2   The Annie E. Casey Foundation  |  www.aecf.org   kids count policy report 
             FIGURe 1


            Disconnected Youth: 2011
            Young people out of school and out of work have been characterized in various ways—as disconnected, vulnerable or opportunity youth.
            In this report, we describe them as disconnected youth. The data show that the populations struggling the most to enter the workforce
            and stay in school today are youth who are less educated, come from low-income families and belong to a racial or ethnic minority.


          DISCONNeCTeD YOUTH AGeS 16 TO 19                                                                              DISCONNeCTeD YOUNG ADUlTS AGeS 20 TO 24
          bY RACe AND HISpANIC ORIGIN                                                                                   bY RACe AND HISpANIC ORIGIN

          National Average
                                          13     %
                                                                                 2,189,000 YOutH                        National Average
                                                                                                                                                                20        %
                                                                                                                                                                                            4,310,000 YOuNg ADults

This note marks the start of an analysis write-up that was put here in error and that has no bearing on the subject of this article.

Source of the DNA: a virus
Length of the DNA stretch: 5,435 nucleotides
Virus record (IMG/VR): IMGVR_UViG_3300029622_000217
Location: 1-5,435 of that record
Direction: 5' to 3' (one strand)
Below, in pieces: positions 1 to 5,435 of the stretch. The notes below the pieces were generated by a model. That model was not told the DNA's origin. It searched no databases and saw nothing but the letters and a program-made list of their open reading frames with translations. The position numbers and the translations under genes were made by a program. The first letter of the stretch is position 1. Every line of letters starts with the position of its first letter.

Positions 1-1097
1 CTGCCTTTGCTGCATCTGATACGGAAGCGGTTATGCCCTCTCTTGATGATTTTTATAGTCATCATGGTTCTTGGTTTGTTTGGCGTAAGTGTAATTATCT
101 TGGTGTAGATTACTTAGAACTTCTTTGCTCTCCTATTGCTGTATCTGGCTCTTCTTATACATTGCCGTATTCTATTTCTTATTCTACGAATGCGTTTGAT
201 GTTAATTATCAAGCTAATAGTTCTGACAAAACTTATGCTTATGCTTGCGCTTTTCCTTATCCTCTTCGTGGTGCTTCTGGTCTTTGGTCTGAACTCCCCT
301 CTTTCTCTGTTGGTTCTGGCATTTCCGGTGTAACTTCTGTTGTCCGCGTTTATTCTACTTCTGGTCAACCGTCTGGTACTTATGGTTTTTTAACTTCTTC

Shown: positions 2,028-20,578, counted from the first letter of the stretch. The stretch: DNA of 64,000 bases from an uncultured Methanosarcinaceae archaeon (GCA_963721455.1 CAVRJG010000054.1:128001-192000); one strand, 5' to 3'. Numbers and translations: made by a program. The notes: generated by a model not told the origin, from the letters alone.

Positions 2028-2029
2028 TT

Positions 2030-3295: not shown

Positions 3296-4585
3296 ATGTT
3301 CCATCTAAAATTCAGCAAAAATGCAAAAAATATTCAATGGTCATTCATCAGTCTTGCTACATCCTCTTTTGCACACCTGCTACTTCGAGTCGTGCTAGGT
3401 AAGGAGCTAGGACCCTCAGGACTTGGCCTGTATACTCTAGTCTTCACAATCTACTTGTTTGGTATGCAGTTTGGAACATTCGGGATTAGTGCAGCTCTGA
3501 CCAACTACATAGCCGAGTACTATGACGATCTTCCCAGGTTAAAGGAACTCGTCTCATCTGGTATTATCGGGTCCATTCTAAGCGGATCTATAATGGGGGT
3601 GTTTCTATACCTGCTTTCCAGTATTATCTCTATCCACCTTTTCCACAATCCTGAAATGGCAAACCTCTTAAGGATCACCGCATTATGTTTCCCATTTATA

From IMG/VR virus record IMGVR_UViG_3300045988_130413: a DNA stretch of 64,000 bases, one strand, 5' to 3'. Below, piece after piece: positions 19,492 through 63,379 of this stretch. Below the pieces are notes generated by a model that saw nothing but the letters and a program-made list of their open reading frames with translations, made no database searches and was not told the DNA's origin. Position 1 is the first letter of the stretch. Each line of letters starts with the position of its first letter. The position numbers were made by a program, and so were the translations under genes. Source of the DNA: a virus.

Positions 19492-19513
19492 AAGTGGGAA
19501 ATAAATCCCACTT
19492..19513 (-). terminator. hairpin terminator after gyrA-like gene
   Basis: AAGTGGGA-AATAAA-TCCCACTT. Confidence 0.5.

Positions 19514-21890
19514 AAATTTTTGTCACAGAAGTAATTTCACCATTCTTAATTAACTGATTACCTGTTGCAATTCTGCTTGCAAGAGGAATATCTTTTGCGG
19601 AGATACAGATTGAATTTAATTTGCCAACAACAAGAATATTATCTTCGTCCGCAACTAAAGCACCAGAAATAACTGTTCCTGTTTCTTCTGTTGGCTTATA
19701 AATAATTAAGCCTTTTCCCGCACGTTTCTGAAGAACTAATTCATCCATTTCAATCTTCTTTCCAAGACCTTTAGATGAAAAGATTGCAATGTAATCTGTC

Non-Hispanic White
                                       11     %
                                                                                 1,090,000 YOutH                        Non-Hispanic White
                                                                                                                                                            17       %
                                                                                                                                                                                            2,182,000 YOuNg ADults
          African American
                                         16           %
                                                                                   400,000 YOutH                        African American
                                                                                                                                                                              29     %
                                                                                                                                                                                              865,000 YOuNg ADults
          Asian and Pacific
          Islander                     12      %
                                                                                      74,000 YOutH
                                                                                                                        Asian and Pacific
                                                                                                                        Islander                        14      %